We finally arrived in Scotland. First things first, we either got very lucky, or the weather is a lot better than the reputation would make you think it is! Starting with the Lowlands, we found our ways on the West Highlands, then heading east and finally back down to the Borders region. And once again, for those who think about web services, universal Internet access through WiFi is not yet a reality in Scotland (and it’s the same as the rest of the UK we visited)… many regions don’t even have cell phone coverage!
Continue reading Visiting the UK, Part III – Scotland
We’ve travelled almost 1000 miles through the UK since the last posting in my blog… What a beautiful country this is. As we don’t really have a pre-defined travel itinary, I won’t say we got lost many time or took many detours, but we did (this blog entry was written a few days before posting, but finding an Internet connection in the middle of the countryside in the UK while not really actively looking for it is not as easy as in London)
Continue reading Visiting the UK, Part II – Heading North
OK, here we go: Just left Maidenhead, Berkshire to go for a two week holiday tour of the UK (Marielle and I will stay on the same island, e.g. no Ireland this time around). After over three years living in this beautiful country, it is time to go and to see more than London and the Reading area. So far, we’ve headed south and west and are now in Cornwall.
Continue reading Visiting the UK, Part I – Heading South West
Interesting how red has a negative connotation and blue has a positive one. Mr. Kim and Mauborgne, in their book “Blue Ocean Strategy” compare the bloody red ocean strategies (doing more of the same) vs. re-defining the name and rules of the game in a nice blue ocean (without the bad weather). This book provides great ideas about thinking about the customer first, making the competition irrelevant in the process.
Why do many companies compare their products with what the competition is doing and fight a features war while needing to be very careful on costs? Why not look at what the customer needs and wants to focus on that instead? In a step-by-step approach, “Blue Ocean Strategy” provides a way of defining a strategy that will make the competition irrelevant and minimize costs at the same time. A well-worth read!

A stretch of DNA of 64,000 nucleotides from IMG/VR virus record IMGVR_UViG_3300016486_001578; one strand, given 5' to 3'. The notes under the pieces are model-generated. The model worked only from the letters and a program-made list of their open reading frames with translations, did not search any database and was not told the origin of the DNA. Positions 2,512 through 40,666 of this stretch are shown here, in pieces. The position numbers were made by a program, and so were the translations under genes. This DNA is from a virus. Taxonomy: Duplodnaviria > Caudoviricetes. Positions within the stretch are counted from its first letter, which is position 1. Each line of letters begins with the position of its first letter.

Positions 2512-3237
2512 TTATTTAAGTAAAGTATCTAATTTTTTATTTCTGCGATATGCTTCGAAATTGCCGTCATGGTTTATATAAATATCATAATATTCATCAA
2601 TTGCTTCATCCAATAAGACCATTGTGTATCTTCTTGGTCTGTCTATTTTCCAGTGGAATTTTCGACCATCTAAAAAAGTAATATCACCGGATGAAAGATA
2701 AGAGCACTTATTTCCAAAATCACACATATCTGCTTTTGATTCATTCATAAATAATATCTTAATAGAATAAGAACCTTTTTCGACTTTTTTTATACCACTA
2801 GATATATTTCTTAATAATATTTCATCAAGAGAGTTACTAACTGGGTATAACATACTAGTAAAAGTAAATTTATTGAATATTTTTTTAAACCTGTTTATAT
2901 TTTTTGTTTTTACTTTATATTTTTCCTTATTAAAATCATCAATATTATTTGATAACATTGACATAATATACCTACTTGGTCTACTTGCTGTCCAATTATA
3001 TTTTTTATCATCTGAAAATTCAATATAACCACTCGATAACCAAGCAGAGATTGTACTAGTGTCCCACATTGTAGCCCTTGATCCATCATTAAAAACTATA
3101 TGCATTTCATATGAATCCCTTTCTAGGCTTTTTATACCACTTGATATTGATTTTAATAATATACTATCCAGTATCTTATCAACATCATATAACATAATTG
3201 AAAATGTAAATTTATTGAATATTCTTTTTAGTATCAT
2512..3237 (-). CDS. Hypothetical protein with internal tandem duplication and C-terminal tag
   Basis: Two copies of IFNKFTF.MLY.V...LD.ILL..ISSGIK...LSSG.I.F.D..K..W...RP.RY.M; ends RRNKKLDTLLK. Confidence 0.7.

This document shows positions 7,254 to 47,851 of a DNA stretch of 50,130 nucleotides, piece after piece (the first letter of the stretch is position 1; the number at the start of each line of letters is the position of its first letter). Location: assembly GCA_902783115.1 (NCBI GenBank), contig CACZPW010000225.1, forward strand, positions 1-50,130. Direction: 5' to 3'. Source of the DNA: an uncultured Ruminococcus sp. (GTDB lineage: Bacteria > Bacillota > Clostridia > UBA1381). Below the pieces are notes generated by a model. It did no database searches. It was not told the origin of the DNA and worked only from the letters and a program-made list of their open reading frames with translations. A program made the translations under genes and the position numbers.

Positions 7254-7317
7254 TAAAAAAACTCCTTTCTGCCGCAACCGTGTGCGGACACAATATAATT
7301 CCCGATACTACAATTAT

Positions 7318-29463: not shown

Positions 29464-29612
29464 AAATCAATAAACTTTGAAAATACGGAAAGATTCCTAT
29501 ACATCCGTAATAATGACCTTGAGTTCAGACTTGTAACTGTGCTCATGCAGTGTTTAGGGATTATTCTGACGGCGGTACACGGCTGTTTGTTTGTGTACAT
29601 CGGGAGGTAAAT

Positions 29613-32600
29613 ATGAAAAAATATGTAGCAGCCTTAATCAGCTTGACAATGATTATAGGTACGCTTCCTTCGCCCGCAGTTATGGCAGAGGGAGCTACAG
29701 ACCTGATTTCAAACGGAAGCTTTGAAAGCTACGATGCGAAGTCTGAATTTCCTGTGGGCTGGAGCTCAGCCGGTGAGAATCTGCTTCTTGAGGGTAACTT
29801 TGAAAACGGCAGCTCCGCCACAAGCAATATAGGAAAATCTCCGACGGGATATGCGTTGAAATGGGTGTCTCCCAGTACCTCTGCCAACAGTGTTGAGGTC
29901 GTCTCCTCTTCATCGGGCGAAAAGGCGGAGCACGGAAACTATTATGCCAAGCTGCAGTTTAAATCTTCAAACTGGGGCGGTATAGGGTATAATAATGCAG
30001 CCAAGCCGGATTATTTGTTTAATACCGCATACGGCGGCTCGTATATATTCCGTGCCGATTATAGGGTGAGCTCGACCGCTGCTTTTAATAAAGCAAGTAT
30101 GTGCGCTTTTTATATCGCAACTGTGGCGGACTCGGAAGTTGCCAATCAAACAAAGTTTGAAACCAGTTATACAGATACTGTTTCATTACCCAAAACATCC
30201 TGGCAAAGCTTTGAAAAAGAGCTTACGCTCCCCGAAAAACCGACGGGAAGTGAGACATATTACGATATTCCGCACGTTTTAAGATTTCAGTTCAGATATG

Continue reading “Blue ocean strategy” by W Chan Kim and Renee Mauborgne
It is taking a lot longer than what I initially expected, but I finally had the chance to make a big first step toward the redesign of my web site. As you can see, the look of my blog has somewhat changed compared to the previous slightly tweaked standard template.
A little background about the new look. It was created using CorelDRAW Graphics Suite X3 on my Macbook Pro… yes, that’s right, CDGS on Mac OS. I wanted to put Parallels to the test and wanted to use my favorite graphics suite to create the web page layout (with CorelDRAW X3) and the slicing on the images (with Corel PHOTO-PAINT X3). The CSS was then hand-written using Textmate which replaced HomeSite as my web-editor of choice since I moved to the Mac.
Continue reading Slow progress with the update of my web site…
Analysing and learning from Apple, their successes, their failures and their mistakes is what Jeffrey’s book tries to achieve. In “The Apple Way”, Mr. Cruikshank goes through twelve different aspects of this company and the related management approaches to provide insightful facts and ideas on how to run high with almost no market share and build a cult around your brand.
One of the top High-Tech companies of this new millenium, Apple brought the Mac and the iPod, as well as the Newton and the Lisa. This book provides interesting summarizes of the good, the bad and the ugly related to the management and strategy behind the company and the products.
Continue reading “The Apple Way” by Jeffrey L. Cruikshank